PROVIDENCE, R.I. (AP) — By now it’s as predictable as the calls for thoughts and prayers: A mass shooting leaves many dead, and wild conspiracy theories and misinformation about the carnage soon follow.
It happened after Sandy Hook, after Parkland, after the Orlando nightclub shooting and after the deadly rampage earlier this month at a Buffalo grocery store. Within hours of Tuesday’s school shooting in Uvalde, Texas, another rash began as internet users spread baseless claims about the man named as the gunman and his possible motives.
Unfounded claims that the gunman was an immigrant living in the U.S. illegally, or transgender, quickly emerged on Twitter, Reddit and other social media platforms. They were accompanied by familiar conspiracy theories suggesting the entire shooting was somehow staged.
The claims reflect broader problems with racism and intolerance toward transgender people, and are an effort to blame the shooting on minority groups who already endure higher rates of online harassment and hate crimes, according to disinformation expert Jaime Longoria.
“It’s a tactic that serves two purposes: It avoids real conversations about the issue (of gun violence), and it gives people who don’t want to face reality a patsy, it gives them someone to blame,” said Longoria, director of research at the Disinfo Defense League, a non-profit that works to fight racist misinformation.
In the hours after the shooting, posts falsely claiming the gunman was living in the country illegally went viral, with some users adding embellishments, including that he was “on the run from Border Patrol.”
“He was an illegal alien wanted for murder from El Salvador,” read one tweet liked and retweeted hundreds of times. “This is blood on Biden’s hands and should have never happened.”
The man who authorities say carried out the shooting is a U.S. citizen, Texas Gov. Greg Abbott said in a news conference on Tuesday.
Other social media users seized on images of innocent internet users to falsely identify them as the gunman and claim he was transgender. On the online message board 4Chan, users liberally shared the photos and discussed a plan to label the gunman as transgender, without any evidence to back it up.
One post on Twitter, which has since been deleted, featured a photo of a trans woman holding a green bottle to her mouth, looking into the camera, headphones hanging from one ear.
“BREAKING NEWS: THE IDENTITY OF THE SHOOTER HAS BEEN REVEALED,” claimed the user, saying the shooter was a “FEMBOY” with a channel on YouTube.
None of that was true. The photo actually depicted a 22-year-old trans woman named Sabrina who lives in New York City. Sabrina, who requested her last name not be published due to privacy concerns, confirmed to The Associated Press that the photo was hers and also said she was not affiliated with the purported YouTube account.
Sabrina said she received harassing responses on social media, particularly messages claiming that she was the shooter. She responded to a number of posts spreading the image with the misidentification, asking for the posts to be deleted.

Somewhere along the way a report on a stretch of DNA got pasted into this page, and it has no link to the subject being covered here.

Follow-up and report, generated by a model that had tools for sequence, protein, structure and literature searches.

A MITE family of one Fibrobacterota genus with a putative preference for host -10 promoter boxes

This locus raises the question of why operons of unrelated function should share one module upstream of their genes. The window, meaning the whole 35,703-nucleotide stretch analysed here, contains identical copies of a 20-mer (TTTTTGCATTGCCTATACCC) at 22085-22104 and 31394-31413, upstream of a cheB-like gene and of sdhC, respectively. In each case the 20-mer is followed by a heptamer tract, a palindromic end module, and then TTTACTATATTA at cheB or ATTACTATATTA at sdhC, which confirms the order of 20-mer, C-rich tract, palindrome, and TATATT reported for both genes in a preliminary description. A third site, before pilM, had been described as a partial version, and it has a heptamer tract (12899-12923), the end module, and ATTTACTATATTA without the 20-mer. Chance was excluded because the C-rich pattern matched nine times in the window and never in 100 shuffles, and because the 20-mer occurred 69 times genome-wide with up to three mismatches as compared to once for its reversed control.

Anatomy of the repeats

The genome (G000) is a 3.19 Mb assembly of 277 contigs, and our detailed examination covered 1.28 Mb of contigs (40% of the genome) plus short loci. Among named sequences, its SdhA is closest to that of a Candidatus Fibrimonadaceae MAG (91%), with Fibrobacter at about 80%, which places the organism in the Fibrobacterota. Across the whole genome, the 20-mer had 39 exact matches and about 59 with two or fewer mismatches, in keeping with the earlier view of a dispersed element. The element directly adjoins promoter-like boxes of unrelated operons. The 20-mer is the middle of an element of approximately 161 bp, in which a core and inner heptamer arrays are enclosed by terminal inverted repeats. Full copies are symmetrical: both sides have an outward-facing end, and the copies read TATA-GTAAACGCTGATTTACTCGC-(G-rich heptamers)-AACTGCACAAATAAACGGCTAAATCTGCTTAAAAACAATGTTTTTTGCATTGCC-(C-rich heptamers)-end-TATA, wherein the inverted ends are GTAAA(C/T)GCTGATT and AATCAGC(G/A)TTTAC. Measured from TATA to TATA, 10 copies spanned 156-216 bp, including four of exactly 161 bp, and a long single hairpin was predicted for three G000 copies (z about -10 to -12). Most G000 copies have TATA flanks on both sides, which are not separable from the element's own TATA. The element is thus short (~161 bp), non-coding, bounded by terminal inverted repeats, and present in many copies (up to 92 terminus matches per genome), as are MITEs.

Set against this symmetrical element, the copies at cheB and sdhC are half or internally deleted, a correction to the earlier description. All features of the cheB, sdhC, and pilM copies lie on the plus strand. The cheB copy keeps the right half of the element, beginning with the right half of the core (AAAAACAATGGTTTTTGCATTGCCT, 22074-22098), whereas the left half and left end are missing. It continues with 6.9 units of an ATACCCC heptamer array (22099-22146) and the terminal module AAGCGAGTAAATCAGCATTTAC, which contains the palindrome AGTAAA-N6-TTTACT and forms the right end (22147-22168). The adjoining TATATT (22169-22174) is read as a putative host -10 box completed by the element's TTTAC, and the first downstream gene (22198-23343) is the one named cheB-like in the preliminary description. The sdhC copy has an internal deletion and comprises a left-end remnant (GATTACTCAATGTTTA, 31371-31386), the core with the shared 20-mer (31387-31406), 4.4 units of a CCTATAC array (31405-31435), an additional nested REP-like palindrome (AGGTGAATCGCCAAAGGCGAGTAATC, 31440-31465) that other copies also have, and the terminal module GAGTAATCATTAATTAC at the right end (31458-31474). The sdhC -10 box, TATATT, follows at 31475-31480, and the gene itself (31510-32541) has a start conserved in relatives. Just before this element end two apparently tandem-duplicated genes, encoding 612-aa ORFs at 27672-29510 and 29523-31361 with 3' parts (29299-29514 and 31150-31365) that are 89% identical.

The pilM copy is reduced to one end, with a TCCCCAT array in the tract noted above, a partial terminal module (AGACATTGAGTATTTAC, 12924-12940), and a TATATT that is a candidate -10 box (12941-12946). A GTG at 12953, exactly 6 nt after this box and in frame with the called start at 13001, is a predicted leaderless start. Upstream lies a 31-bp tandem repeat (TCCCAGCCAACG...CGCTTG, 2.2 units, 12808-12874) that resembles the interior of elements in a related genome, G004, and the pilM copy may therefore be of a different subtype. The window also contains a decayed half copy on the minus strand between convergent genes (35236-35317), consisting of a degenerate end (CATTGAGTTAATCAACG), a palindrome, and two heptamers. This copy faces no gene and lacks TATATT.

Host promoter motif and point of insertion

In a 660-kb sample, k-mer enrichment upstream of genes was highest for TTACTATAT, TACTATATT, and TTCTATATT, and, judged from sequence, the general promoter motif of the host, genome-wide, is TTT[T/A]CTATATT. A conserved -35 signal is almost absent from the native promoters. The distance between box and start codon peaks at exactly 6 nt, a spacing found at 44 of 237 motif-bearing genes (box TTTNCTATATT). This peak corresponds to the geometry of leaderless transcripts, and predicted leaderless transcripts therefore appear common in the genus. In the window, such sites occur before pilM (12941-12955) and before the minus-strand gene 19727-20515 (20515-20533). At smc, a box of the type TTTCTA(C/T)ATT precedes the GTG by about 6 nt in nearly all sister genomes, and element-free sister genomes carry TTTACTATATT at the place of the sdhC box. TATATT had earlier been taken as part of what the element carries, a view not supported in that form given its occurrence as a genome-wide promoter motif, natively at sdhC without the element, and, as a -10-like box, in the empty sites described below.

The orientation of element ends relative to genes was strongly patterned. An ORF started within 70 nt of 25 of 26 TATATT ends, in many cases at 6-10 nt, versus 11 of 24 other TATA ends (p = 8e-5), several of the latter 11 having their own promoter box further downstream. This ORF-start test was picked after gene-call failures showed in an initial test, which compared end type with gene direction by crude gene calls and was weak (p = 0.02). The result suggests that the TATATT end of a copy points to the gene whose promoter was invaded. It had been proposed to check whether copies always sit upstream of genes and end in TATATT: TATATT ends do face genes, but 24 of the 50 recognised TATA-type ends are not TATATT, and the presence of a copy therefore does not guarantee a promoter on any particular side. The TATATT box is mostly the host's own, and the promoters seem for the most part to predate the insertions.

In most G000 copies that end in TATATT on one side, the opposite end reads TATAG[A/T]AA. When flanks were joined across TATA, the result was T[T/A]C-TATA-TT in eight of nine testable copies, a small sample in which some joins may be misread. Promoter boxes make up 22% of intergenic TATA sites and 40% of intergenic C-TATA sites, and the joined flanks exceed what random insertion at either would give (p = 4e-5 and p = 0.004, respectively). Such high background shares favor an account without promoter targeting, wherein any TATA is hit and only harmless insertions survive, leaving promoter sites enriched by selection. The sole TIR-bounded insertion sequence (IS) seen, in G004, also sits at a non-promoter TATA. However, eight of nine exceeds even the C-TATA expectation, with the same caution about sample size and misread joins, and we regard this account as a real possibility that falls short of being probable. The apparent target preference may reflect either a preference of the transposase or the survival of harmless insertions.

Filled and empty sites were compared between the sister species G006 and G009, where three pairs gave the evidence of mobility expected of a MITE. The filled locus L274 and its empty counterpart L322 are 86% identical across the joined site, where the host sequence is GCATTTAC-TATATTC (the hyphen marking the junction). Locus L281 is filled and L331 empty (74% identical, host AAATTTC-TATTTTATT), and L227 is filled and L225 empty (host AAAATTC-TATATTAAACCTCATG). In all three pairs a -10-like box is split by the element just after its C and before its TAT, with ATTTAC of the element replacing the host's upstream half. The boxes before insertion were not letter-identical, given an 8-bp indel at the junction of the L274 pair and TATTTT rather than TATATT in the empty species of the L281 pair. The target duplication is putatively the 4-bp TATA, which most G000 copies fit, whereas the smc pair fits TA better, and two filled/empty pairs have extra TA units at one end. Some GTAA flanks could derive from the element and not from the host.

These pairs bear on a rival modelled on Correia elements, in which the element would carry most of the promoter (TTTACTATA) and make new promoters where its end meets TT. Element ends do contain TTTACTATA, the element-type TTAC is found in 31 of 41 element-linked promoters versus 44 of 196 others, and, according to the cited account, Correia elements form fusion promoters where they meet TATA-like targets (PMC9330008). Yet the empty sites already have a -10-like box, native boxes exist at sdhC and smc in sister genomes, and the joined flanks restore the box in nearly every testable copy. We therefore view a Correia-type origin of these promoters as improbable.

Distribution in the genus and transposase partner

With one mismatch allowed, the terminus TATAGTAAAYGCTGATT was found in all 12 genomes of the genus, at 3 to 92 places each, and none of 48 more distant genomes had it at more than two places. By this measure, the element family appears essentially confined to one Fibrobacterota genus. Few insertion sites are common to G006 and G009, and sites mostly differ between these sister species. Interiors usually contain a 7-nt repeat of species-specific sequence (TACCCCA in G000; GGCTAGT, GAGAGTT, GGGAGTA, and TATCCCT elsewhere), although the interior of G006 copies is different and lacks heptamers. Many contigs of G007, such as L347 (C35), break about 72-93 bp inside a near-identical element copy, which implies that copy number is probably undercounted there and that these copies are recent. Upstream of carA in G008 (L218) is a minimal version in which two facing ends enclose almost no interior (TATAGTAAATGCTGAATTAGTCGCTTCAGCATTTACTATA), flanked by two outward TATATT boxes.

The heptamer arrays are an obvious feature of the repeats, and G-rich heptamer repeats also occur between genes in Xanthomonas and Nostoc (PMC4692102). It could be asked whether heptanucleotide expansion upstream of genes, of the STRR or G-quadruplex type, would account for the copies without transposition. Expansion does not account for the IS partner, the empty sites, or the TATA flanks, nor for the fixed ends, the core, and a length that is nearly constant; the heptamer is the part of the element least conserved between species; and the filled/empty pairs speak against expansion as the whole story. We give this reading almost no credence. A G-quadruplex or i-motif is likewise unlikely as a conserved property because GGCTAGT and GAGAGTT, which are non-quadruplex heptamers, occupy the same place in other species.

“This whole ordeal is just horrifying,” Sabrina told the AP.
Another photo that circulated widely showed a transgender woman with a Coca-Cola sweatshirt and a black skirt. A second photo showed the same woman wearing a black NASA shirt with a red skirt. These photos didn’t show the gunman either — they were of a Reddit user named Sam, who confirmed her identity to the AP on Wednesday. The AP is not using Sam’s last name to protect her privacy.
“It’s not me, I don’t even live in Texas,” Sam wrote in a Reddit post.
Authorities have released no information on the gunman’s sexuality or gender identification.
Arizona Congressman Paul Gosar fit both unfounded claims about the shooter in a single now-deleted tweet that also misspelled his name.
Gosar’s office did not return a message seeking comment.
In some cases, misinformation about mass shootings or other events are spread by well-intentioned social media users trying to be helpful. In other cases, it can be the work of grifters looking to start fake fundraisers or draw attention to their website or organization.
Then there are the trolls who seemingly do it for fun.
Fringe online communities, including on 4chan, often use mass shootings and other tragedies as opportunities to sow chaos, troll the public and push harmful narratives, according to Ben Decker, founder and CEO of the digital investigations consultancy Memetica.
“It is very intentional and deliberate for them in celebrating these types of incidents to also influence what the mainstream conversations actually are,” Decker said. “There’s a nihilistic desire to prove oneself in these types of communities by successfully trolling the public. So if you are able to spearhead a campaign that leads to an outcome like this, you’re gaining increased sort of in-group credibility.”
For the communities bearing the brunt of such vicious online attacks, though, the false blame stirs fears of further discrimination and violence.
Something as seemingly innocuous as a transphobic comment on social media can spark an act of violence against a transgender person, said Jaden Janak, a PhD candidate at the University of Texas and a junior fellow at the Center for Applied Transgender Studies.
“These children and adults who were murdered yesterday were just living their lives,” Janak said Wednesday. “They didn’t know that yesterday was going to be their last day. And similarly, as trans people, that’s a fear that we have all the time.”